Since laws change quickly, please don’t take this as legal advice.  Check everything you’re not sure about with your own lawyer before you make any major decisions.  Except the decision to read this article, of course.  You have my permission to do that without consulting a lawyer.  :-)


This article is the first of two that will cover the various aspects of buying real estate in Israel. The first article will provide a general overview of the Israeli real estate system, the major differences between transactions in Israel and the United States, and the most important considerations in such a transaction. The second article will cover special issues when the property is new and being bought from the contractor, and also taxation associated with purchasing and selling property in Israel.


What type of property are you buying?

“each type of land involves a slightly different purchase process”

There are two types of property in Israel: privately-owned (private land) and state-owned property administered by the Israel Lands Administration ("Minhal"). Private real property, like in the U.S., is owned by the buyer with title vesting in him. Land is registered in the land registry (Tabu) under the name of the buyer. On the other hand, title to Minhal property does not pass to the purchaser. Instead, the buyer gets a long-term lease to the property which is usually for 49 years with an option for an additional 49 years. Over 80% of the land in Israel is Minhal land, so the buyer should not be deterred from buying it. However, private land is often viewed as preferable. As each type of land involves a slightly different purchase process, one of the first things to check is whether the property is private or Minhal.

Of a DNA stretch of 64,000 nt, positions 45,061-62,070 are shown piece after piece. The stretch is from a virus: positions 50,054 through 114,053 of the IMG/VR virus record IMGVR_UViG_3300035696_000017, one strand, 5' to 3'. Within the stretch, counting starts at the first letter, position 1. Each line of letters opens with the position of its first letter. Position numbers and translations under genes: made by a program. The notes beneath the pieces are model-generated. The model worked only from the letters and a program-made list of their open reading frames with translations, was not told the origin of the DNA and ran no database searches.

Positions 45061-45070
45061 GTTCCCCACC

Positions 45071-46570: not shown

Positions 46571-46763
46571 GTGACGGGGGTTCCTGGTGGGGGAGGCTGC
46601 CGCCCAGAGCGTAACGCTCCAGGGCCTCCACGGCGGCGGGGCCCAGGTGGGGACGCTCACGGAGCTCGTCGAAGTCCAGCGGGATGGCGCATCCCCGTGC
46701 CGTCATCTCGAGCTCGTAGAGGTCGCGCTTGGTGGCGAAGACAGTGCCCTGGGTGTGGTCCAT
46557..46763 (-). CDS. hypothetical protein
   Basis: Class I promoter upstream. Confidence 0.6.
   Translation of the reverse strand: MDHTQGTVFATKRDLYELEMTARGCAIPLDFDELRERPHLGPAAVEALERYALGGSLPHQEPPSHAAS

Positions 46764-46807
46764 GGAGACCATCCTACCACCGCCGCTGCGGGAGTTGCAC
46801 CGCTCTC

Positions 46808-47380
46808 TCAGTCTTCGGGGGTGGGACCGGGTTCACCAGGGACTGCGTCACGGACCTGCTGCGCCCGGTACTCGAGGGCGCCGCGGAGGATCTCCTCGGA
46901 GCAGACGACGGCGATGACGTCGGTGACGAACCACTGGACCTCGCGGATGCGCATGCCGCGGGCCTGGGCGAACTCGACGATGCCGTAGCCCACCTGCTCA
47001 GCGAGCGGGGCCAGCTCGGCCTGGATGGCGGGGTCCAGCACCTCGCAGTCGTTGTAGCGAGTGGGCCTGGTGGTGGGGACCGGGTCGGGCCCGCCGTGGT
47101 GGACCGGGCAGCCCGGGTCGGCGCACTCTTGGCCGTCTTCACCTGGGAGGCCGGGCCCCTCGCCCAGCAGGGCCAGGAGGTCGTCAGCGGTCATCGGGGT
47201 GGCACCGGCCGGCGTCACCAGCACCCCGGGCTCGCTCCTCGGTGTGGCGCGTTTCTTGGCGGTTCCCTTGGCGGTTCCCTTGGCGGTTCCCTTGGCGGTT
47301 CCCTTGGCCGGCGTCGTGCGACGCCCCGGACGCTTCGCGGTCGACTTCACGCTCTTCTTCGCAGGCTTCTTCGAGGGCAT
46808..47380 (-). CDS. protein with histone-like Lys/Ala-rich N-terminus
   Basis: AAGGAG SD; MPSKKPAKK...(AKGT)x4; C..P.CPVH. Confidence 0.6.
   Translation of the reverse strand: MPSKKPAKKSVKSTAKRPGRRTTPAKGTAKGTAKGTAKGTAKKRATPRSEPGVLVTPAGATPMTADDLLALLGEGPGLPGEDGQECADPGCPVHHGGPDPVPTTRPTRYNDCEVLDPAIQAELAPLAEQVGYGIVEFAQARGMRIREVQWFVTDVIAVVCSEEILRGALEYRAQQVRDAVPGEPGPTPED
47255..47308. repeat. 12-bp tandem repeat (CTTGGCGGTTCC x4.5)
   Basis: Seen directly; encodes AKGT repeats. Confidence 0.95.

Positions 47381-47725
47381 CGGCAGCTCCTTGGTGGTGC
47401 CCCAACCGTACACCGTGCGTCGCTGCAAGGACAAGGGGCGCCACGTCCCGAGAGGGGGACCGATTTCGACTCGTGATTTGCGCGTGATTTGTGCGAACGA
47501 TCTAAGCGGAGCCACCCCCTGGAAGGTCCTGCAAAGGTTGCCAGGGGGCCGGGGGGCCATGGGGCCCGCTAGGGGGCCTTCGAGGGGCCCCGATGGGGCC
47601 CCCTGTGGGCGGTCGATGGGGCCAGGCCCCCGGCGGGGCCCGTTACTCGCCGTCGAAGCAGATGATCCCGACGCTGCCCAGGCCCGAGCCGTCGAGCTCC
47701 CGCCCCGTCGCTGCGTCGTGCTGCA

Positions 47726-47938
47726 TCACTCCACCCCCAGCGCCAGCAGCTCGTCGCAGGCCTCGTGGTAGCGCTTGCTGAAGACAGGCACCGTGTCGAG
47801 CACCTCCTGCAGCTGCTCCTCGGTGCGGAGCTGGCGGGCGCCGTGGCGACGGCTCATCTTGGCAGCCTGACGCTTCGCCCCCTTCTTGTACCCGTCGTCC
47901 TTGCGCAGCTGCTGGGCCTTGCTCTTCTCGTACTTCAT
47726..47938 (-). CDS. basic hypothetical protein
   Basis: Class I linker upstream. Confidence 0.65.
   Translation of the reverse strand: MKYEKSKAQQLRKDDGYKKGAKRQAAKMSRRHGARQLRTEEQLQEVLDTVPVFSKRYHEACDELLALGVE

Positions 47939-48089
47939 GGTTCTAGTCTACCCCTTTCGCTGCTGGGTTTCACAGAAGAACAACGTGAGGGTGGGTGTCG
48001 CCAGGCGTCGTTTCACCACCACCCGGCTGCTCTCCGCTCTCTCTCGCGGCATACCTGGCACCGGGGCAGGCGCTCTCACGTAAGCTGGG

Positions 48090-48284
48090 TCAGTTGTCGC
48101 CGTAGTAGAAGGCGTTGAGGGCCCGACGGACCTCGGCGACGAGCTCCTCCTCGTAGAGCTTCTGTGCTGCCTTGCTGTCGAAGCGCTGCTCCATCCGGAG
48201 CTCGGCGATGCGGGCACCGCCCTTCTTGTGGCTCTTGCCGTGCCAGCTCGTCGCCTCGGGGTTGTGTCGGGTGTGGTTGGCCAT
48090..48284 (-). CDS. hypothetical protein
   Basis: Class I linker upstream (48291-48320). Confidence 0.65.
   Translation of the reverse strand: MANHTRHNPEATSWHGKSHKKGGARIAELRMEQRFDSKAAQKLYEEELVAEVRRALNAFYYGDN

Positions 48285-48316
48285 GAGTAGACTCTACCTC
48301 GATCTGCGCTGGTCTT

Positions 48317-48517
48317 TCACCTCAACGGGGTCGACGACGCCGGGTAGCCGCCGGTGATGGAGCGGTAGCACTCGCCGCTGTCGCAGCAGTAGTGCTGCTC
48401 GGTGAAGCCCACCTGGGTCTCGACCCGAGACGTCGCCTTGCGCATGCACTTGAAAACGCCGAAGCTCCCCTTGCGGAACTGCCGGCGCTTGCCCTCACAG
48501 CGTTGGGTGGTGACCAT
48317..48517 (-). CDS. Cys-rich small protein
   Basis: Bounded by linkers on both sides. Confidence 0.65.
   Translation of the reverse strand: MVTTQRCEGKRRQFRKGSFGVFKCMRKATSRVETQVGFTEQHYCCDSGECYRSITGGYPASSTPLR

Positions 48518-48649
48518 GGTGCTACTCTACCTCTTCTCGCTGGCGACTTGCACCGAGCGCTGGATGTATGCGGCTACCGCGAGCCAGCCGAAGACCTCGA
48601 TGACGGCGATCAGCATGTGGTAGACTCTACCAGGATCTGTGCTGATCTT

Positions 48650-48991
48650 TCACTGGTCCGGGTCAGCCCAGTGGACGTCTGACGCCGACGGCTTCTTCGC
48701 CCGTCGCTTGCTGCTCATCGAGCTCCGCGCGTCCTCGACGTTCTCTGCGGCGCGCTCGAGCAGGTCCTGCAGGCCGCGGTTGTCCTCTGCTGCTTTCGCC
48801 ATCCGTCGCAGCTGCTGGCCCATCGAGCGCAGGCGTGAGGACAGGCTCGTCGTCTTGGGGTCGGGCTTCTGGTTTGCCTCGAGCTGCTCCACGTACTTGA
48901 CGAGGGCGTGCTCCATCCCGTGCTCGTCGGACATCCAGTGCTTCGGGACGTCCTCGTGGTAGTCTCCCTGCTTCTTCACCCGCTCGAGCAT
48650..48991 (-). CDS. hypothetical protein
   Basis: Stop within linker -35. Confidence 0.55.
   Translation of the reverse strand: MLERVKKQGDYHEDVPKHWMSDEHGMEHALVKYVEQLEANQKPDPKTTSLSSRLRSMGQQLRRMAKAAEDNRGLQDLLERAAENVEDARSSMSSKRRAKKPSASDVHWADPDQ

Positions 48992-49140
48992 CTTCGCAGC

Choosing an agent

Uncommon beauty: Haifa’s Technion campus.


Sometimes, asking “where’s the most beautiful place in Israel?” feels a bit like asking, “what’s the most beautiful callus on your feet?”  The answer’s obvious:  there isn’t one.

Call me a snob, but I’m Canadian.  I can’t help it:  Canada is breathtaking.  Just driving down the highway from Toronto to Ottawa, nowhere special, you pass through forests so primordially green that they can make you weep.  Not to mention British Columbia and the Rocky mountains (oops, I just mentioned them).

Israel, by contrast, has some nice bits.  I don’t mean to suggest that it doesn’t.  But it also has a heck of a lot of stretches that look pretty much like this:


The bleakness is not awe-inspiring.  For the most part, it’s just kind of scruffy and, well… dull.

So when I find beauty, even a scrap of it – by which I mean the slightest expanse of green – I fall in love.